With the addition of att.ranging to <precision> in release 2.5.0, this seems like a good time to reexamine the utility of the @degree attribute for precision. The need to express a lack of accuracy comes in to play in cases like dates, estimates of the number of missing characters in a text, and estimated measurements. Vagueness is often indicated in the text using a qualifier like circa or about. We can think of examples like the dates "ca. 18 BCE" or "24 CE – ca. 38 CE"; "[ – c. 15 chars. – ]" in a text indicating a gap of about 15 characters in width; "6th century CE", or even "ca. 6th century CE".
In some of these cases there is an unexpressed "fudge factor" being introduced by the use of circa. In the case of "6th century CE", the asserted accuracy is inherent in the date itself—it's accurate at the level of the century, no lower.
If we want these kinds of estimates to be machine processable (so they can be picked up in searches, for example), the numbers, however vague, must be quantified. The members of att.ranging (@min/@max and @atLeast/@atMost) provide a straightforward way of quantifying the accuracy of an estimate in a way that @degree does not. @degree is defined as "indicates the degree of precision to be assigned as a value between 0 (none) and 1 (optimally precise)" and as such is only useful as a relative measure of precision (measured against other precision elements). Despite its being a number, it does not quantify accuracy at all, and therefore does the same job as @precision (which has the possible values "high" | "medium" | "low" | "unknown").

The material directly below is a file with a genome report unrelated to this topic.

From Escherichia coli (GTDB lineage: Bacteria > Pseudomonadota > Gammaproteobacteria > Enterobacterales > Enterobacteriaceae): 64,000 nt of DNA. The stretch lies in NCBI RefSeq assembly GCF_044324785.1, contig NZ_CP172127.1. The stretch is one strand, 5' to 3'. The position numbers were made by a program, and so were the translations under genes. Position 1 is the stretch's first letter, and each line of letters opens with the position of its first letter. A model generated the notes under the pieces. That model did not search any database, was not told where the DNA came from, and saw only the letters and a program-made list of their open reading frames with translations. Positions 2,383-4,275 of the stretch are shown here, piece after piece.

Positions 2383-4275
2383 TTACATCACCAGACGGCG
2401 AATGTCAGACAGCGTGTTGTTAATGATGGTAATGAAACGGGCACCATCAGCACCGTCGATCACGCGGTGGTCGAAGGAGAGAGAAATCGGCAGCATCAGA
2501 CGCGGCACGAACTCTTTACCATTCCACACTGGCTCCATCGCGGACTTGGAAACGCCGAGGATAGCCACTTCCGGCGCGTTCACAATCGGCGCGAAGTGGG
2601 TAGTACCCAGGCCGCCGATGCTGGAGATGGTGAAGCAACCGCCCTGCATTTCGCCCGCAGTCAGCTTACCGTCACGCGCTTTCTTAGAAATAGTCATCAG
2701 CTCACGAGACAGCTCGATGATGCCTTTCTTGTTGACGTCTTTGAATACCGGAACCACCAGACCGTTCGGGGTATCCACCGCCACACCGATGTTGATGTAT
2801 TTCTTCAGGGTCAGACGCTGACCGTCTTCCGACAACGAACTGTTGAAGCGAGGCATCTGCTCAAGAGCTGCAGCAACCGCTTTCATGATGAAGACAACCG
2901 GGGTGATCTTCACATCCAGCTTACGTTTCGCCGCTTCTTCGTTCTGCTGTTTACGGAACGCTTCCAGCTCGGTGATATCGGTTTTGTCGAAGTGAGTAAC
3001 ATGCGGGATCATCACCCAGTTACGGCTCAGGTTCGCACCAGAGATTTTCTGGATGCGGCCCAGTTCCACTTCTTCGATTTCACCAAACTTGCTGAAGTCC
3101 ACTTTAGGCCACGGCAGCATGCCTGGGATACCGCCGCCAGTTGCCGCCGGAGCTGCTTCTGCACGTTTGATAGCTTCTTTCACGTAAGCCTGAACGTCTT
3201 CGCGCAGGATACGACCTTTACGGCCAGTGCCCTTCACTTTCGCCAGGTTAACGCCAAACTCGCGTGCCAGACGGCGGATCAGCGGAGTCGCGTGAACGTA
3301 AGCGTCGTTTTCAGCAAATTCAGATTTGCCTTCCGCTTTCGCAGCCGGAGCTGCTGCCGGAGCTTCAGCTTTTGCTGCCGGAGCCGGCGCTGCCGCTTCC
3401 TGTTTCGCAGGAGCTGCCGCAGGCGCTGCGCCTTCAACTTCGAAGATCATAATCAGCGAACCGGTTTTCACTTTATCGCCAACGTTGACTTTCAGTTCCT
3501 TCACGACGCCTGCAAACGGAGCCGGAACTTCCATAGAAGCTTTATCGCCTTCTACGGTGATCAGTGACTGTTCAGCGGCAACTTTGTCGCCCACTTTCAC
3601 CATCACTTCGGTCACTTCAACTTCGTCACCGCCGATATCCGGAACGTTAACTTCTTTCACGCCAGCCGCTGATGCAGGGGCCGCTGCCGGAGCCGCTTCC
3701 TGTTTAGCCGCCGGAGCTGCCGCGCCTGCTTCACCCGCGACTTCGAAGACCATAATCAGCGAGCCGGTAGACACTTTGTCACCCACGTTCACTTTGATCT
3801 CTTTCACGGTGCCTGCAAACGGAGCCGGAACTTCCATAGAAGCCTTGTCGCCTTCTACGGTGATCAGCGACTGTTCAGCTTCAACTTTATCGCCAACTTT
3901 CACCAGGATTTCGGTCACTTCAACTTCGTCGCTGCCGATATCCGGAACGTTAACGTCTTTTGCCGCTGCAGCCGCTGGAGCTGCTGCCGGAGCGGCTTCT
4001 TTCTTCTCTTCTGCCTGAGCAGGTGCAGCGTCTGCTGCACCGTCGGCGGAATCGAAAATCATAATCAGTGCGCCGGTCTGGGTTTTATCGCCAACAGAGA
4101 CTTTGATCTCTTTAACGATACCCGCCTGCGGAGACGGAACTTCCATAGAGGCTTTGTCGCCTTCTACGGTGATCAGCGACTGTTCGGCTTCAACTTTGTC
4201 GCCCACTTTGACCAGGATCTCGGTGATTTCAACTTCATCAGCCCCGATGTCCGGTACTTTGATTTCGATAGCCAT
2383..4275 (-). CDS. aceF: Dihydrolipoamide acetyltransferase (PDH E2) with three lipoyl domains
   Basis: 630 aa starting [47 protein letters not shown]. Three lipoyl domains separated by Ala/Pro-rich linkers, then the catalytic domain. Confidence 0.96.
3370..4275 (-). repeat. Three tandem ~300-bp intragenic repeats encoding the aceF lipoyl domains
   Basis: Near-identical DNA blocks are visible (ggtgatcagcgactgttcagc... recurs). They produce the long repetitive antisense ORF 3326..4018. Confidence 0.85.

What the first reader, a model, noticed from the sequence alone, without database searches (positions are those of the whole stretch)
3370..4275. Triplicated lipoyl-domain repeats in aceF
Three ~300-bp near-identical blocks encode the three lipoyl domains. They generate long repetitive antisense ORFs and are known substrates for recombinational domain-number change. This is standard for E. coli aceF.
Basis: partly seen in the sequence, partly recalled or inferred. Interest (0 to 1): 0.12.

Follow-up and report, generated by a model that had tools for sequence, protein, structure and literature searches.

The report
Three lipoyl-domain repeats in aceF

In sum, having a numeric value to express the level of accuracy that can't be used to actually quantify the level of accuracy is a Bad Idea. It is misleading and confusing, even more so now that we have the tools to actually quantify accuracy. It is in use in the wild, so immediate removal is impossible, but it should be marked as deprecated, with a note explaining how to express accuracy using att.ranging (or alternatively simply to express a lack of confidence in the accuracy of a number using @precision).